“I am sorry, really, but it has been very tiring today,” he said as he rolled down his window. I said nothing and closed my eyes again. I was really tired, or maybe it was just the wine. I couldn’t wait to get home. The empty street made me calm, and I kept hoping that the cab driver wouldn’t speak to me. I always love to talk, with anyone and everyone, but at that point I missed the silence at Jane’s house and for a moment I wished that I hadn’t left. I wondered what Jane was doing. I pictured her drinking another glass of wine, finishing the bottle, smoking another cigarette and going to sleep. She had so much peace all to herself, and I wondered if she ever got lonely. Didn’t she ever feel the need to be with someone? Perhaps, someone who would take care of her and not let her drink so much. A man who would provide for her and buy things for her…
I opened my eyes just as the cab had gotten close to my apartment. The cab driver said, “This is very good neighborhood. A lot of good people live here.”
“Okay, have a good night miss. Take care,” he said. I paid the fare and got out.
“Maybe the cab driver is right,” I thought to myself as I walked into the lobby of my building. It was late and the concierge was asleep behind his desk. “I guess the cab driver was right. There’s no need for security here. This is a good neighborhood full of good people.”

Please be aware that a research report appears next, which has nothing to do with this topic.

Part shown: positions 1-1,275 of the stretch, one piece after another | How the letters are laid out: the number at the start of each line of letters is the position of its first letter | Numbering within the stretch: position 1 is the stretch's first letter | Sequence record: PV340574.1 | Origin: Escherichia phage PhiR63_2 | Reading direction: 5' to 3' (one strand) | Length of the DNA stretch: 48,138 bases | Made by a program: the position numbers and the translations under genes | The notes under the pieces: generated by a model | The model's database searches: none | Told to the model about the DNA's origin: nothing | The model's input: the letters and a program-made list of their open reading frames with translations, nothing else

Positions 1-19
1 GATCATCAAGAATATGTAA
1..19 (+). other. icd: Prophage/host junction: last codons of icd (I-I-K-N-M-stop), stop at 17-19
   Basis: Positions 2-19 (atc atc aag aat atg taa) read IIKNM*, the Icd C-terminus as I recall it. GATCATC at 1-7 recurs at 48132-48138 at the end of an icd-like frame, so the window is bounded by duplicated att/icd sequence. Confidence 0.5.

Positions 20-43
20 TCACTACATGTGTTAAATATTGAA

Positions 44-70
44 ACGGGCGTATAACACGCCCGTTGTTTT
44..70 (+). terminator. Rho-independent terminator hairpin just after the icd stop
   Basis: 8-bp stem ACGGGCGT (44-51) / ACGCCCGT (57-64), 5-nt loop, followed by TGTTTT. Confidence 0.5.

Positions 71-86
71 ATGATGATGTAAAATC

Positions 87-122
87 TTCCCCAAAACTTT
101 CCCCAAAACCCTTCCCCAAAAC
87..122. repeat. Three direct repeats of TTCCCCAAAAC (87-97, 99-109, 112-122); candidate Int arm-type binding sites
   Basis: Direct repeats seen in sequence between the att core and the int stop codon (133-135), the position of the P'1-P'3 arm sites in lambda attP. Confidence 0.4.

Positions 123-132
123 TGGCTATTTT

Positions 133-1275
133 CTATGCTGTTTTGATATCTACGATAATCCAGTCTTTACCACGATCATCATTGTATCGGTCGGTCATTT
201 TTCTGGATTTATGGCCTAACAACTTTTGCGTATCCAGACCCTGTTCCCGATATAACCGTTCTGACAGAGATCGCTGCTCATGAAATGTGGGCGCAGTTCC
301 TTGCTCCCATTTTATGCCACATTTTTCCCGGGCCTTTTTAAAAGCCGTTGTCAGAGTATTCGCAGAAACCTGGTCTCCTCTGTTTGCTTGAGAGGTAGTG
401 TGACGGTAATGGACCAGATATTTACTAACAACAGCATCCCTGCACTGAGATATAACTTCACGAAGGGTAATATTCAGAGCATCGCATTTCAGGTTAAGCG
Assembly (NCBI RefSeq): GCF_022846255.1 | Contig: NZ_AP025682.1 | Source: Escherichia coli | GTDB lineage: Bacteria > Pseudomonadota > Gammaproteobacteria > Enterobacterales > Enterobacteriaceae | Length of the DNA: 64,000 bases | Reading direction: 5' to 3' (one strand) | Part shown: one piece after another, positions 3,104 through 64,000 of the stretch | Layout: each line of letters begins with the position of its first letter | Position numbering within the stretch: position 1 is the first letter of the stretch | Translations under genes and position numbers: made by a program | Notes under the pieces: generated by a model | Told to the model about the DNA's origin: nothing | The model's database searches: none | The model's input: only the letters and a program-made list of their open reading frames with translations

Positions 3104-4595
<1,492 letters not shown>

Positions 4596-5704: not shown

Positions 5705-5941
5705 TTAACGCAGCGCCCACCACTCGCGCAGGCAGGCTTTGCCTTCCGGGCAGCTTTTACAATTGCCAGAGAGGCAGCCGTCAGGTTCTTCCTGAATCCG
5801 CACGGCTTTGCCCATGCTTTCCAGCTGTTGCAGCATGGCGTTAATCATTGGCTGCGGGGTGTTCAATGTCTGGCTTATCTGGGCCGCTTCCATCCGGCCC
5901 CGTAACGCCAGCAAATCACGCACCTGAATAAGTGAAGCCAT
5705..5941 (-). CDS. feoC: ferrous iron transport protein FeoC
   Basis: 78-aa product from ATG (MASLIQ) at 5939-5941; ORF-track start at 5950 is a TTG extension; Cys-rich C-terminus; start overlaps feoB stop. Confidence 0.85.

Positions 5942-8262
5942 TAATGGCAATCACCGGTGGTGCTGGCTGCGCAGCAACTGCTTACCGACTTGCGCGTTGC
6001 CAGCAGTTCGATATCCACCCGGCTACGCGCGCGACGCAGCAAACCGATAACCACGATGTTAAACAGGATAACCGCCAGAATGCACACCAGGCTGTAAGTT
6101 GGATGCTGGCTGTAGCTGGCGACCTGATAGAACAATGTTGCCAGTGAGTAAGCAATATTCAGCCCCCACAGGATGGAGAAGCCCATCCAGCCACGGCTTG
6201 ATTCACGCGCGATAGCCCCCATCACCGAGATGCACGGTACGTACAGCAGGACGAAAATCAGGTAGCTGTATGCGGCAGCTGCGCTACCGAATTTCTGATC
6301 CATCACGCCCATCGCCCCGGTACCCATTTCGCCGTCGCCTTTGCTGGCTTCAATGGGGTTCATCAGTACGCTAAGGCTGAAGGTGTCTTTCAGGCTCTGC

Inside the elevator, I stared at myself in the mirror and it was obvious that I had been drinking. I rarely drink, because I hate myself the day after. I only drink with Jane. Even in the past two years that I’ve lived with Sam, I’ve only drank with him once. I usually sit beside him while he drinks and watches TV. I like to look at him and in a way study his actions. He drinks almost every night when he comes home from work. He works in an office. All I know is that he hates his job and never talks about it. So I’ve never asked him. One time, he came to the café, where I work, and surprised me. It was my birthday, and he had bought me a book. My manager let me leave work early and we walked in the park for hours and just talked. I don’t remember having many days like that, where I smiled and felt so simplistically happy.